Along with my counterpart on a Sunday newspaper, I’ve noticed a marked increase in complaints about Groupon deals lately.
Groupon is South Africa’s market leader in the group discount buying space.
So last week, having taken up two cases in quick succession, I asked Groupon’s Wayne Gosling if the company was experiencing operational problems.
“Agreed,” he said.
“The tail end of a backlog we experienced during Christmas is the biggest driver.
“All outstanding issues have been cleared up and we are expecting things to normalise shortly.”
Colleague Denis Droppa was among the casualties, despite buying his voucher in early November.
He paid R370 for speakers for his cellphone, was promised delivery within a week, and cancelled the order when they hadn’t arrived more than a month later.
When I e-mailed Gosling last week, Droppa was still owed a refund of his R370, and he felt that another R200 should be added to cover all the cellphone calls he’d had to make to the company, first trying to find out where his speakers were, and then trying to get a refund.
Gosling responded: “It seems Mr Droppa didn’t request a refund, but it has been done now.
“And we’ve put R100 Groupon credits on his account, too, by way of apology”.
Droppa thanked Gosling, but added: “The fact that there was no record of my numerous e-mail and telephonic requests for a refund reveals there’s something amiss with Groupon’s systems.”
Sivuyile Maso came to the same conclusion.
On December 18 he bought two vouchers for a three-night luxury stay in a game lodge. But he cancelled within days after the death of his fiancée.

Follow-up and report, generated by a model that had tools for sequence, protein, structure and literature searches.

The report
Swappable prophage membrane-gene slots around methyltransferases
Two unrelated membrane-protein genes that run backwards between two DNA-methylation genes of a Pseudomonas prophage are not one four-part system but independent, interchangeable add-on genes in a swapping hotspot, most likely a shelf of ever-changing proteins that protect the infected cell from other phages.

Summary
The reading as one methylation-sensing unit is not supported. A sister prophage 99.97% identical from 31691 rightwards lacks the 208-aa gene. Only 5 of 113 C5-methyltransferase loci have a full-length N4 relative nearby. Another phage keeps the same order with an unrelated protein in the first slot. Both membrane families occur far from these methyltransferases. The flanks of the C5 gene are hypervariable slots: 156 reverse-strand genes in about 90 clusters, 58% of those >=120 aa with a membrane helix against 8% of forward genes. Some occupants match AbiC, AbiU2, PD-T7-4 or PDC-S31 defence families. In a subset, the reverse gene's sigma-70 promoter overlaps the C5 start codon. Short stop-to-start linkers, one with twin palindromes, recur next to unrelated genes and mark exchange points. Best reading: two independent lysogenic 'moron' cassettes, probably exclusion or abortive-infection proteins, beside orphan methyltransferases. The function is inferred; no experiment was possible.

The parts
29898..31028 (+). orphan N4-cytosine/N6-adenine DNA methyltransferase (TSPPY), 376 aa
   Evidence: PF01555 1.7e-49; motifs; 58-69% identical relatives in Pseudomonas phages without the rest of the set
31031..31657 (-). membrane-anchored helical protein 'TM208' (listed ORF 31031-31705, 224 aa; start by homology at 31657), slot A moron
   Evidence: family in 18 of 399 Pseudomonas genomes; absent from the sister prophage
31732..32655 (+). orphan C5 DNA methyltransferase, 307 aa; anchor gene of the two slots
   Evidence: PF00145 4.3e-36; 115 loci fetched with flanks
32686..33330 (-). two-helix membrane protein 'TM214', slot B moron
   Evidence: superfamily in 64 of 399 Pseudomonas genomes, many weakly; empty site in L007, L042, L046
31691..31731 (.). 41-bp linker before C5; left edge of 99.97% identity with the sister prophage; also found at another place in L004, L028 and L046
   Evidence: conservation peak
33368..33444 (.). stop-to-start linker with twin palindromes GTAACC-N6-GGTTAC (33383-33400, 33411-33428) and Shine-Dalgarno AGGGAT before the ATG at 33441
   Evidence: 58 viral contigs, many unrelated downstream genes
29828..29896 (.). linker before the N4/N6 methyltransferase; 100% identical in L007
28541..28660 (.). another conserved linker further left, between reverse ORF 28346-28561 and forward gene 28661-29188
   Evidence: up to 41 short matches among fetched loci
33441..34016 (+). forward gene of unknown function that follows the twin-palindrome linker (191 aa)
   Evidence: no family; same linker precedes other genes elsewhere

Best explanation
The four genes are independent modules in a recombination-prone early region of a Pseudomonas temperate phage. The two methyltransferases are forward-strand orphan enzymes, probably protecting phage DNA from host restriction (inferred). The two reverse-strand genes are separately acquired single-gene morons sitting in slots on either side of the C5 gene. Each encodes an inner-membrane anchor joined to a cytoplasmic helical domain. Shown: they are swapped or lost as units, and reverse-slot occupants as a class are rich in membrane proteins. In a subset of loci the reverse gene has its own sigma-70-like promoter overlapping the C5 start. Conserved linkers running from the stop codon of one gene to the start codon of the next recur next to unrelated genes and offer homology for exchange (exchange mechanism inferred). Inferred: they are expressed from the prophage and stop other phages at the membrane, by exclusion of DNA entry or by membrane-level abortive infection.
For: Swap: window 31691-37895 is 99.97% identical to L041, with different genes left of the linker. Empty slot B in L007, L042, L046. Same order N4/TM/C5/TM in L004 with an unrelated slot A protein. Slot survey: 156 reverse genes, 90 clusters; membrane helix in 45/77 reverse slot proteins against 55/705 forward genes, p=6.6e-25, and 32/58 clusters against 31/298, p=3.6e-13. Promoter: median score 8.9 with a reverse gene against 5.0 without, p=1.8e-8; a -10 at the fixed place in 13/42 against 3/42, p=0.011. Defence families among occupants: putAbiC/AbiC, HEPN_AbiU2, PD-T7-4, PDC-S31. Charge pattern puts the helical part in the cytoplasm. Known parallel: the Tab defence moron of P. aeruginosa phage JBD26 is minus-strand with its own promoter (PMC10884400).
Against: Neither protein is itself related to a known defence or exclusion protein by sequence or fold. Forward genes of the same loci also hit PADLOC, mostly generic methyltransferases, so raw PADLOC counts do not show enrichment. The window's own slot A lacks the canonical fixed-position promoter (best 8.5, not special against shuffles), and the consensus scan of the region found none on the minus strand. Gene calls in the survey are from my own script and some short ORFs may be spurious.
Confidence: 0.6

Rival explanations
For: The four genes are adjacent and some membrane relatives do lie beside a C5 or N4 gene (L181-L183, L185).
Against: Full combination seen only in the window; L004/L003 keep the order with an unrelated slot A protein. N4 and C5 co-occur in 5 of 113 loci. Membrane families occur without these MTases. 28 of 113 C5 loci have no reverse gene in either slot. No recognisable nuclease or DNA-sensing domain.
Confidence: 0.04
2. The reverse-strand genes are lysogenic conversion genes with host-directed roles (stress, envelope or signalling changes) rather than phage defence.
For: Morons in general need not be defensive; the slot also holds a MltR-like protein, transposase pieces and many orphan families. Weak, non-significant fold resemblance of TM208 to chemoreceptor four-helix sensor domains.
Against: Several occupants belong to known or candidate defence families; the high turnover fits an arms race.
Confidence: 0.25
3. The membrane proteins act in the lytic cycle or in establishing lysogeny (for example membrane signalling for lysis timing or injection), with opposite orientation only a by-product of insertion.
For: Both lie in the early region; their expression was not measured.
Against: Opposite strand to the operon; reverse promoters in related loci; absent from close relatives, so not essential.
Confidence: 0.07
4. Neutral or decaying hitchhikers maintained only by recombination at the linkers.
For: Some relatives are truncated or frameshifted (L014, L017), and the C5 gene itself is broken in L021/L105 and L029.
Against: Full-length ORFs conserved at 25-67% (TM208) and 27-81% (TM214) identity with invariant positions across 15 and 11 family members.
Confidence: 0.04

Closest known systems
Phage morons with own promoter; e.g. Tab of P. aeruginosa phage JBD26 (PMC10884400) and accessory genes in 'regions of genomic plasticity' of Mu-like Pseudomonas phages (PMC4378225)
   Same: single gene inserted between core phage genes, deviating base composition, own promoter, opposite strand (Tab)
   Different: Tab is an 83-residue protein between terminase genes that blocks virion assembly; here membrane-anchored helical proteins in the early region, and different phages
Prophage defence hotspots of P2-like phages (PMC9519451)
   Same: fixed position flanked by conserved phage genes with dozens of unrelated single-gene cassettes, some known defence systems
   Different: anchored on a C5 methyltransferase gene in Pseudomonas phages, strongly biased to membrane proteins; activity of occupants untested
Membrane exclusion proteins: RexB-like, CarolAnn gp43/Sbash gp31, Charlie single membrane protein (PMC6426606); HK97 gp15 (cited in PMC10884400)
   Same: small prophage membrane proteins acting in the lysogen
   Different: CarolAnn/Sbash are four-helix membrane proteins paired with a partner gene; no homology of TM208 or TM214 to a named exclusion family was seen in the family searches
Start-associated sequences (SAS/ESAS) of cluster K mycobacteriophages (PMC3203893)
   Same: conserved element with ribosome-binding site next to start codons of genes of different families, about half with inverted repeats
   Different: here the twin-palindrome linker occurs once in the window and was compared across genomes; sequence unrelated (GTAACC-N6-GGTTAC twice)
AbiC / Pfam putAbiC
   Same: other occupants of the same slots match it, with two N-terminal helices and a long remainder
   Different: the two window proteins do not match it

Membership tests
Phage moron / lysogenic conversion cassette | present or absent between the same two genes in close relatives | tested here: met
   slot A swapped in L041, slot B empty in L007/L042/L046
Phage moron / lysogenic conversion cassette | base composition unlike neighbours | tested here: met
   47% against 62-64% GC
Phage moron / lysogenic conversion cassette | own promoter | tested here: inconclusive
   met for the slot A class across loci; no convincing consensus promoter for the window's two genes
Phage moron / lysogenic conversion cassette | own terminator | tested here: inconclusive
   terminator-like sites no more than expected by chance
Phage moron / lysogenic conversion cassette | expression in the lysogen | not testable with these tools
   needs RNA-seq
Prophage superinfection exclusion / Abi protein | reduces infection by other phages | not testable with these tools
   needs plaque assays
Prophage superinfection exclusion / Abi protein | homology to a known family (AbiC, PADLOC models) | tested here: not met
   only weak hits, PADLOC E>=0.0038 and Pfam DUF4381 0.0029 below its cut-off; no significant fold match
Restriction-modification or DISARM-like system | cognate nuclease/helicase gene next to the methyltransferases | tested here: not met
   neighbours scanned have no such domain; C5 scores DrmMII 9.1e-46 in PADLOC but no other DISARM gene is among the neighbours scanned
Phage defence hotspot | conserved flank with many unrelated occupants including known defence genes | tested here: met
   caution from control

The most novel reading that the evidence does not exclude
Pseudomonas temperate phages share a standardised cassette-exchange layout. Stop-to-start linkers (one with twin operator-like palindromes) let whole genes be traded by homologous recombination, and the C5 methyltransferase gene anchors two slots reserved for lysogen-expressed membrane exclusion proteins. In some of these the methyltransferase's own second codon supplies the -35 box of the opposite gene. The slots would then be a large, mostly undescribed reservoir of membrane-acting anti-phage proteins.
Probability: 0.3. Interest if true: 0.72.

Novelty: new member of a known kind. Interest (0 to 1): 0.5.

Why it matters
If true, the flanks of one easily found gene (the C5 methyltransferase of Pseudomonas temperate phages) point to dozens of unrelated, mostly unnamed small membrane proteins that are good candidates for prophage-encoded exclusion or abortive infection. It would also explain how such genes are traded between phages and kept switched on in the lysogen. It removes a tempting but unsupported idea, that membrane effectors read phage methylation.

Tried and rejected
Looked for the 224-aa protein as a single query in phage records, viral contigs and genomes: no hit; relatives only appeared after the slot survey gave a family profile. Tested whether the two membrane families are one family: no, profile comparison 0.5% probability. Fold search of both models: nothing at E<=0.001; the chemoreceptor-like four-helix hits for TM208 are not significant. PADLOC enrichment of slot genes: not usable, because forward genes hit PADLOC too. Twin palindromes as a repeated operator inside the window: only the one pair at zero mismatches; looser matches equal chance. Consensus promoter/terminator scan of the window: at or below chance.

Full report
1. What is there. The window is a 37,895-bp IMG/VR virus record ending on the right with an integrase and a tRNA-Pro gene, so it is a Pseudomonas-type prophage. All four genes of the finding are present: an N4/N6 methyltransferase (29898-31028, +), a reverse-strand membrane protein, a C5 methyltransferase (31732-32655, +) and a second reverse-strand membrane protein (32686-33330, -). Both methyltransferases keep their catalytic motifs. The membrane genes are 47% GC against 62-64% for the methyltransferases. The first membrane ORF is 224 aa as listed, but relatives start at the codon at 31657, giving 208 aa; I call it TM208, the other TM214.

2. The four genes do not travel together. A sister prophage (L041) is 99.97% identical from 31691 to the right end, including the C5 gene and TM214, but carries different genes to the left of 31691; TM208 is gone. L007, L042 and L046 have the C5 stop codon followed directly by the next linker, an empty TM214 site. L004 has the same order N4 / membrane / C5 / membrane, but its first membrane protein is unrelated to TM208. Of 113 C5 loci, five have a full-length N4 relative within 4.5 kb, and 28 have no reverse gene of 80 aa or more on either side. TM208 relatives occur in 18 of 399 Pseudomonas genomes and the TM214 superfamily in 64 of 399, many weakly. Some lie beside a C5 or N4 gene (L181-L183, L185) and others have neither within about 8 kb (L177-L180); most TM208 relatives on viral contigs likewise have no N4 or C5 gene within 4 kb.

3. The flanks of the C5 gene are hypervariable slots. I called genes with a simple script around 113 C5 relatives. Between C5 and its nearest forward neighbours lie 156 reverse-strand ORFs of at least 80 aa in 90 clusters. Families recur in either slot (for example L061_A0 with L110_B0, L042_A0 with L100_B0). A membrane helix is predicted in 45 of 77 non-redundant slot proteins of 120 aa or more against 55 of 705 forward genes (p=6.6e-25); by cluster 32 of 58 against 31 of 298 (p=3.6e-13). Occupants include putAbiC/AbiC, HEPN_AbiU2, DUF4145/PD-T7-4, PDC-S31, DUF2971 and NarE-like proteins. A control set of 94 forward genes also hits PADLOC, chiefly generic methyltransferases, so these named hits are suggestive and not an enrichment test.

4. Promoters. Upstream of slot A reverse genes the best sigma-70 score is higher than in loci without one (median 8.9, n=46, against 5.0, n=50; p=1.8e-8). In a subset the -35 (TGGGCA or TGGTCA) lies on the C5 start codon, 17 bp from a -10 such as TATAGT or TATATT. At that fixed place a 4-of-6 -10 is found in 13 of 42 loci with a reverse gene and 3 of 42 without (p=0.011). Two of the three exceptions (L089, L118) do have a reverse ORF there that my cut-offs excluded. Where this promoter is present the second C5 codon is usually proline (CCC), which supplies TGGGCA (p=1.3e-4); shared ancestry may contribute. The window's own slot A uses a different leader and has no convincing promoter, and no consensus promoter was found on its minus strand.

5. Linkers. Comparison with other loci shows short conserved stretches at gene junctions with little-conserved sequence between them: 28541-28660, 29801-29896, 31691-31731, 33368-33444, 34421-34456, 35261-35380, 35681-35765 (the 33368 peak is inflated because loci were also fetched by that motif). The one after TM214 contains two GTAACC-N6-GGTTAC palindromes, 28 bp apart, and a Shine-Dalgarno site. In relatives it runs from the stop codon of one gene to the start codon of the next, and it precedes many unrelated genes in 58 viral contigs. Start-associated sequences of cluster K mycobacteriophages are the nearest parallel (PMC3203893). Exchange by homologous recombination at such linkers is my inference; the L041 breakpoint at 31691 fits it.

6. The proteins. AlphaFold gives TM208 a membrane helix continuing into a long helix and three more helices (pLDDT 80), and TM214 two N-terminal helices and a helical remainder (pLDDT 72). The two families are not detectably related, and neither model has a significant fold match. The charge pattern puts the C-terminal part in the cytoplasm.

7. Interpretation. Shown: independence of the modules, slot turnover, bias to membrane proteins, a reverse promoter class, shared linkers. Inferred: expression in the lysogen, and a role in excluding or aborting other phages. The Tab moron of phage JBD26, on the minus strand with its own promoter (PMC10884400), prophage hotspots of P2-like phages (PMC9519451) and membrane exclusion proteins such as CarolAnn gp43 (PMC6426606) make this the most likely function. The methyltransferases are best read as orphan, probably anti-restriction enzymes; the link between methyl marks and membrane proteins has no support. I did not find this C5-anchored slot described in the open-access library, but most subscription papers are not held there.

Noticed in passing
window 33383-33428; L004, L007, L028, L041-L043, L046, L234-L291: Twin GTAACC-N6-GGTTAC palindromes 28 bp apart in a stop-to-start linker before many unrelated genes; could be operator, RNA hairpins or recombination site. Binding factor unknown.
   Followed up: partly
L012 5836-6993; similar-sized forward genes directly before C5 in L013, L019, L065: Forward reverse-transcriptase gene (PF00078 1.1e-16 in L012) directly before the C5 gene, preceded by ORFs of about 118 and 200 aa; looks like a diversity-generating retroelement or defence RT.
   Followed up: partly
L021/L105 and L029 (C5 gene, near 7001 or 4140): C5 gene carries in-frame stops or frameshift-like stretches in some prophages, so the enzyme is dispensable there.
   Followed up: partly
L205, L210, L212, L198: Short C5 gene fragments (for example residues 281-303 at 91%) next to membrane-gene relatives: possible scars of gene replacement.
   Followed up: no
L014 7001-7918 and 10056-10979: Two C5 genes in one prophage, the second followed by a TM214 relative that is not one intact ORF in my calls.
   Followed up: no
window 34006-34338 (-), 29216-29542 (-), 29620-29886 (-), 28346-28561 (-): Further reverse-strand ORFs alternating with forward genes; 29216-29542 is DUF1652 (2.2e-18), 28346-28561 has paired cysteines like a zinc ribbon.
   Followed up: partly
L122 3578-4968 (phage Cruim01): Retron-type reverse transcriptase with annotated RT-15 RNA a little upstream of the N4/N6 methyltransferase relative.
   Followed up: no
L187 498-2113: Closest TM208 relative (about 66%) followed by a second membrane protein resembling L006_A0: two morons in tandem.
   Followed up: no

Groupon undertakes to issue refunds if cancellations are received within a week of payment (see footnote).
On December 22 Maso e-mailed Groupon, cancelling the deal, and included a letter from the game ranch, confirming that he had not redeemed the vouchers.
“Groupon kept telling me my refund was being processed, but I never got my money,” he told Consumer Watch.
“On January 13 I was sent an e-mail saying the refund had been processed and that the money would take three to five days to reflect.
“But it hasn’t.”
Shortly after I took up Maso’s case with Gosling, he responded to say that the refund had finally been made.
“The problem was an oversight by one of our agents. She forgot to load the payment on to our bank and it slipped off the radar.
“We have handled the matter internally and sorted out Mr Maso.”
* According to the Consumer Protection Act, a supplier must cancel a booking, and refund, without a cancellation fee, if a consumer is unable to honour the booking because of the death or hospitalisation “of the person for whom, or for whose benefit the booking was made”.
‘Kettle of the year’ the only kettle
Staying with group buying schemes, a stainless steel induction kettle caught my eye on Vuvuplaza.com (affiliated to Independent Newspapers) in earlier this month.
It was hailed as “2014 Kettle of the Year”. That’s quite a boast, given that we’re not yet a month into 2014.
So I asked Vuvuplaza which organisation had proclaimed that kettle to be its kettle of the year.
Well, actually, said marketing manager Nic Latouf, it was “just a marketing blurb”.
“But agreed, when we read it again it may have given the wrong impression. So we’ve changed it to “Our 2014 kettle of the year… Which it definitely is, so far.”
It’s also appears to be the only kettle. Meaningless claim of the year, so far.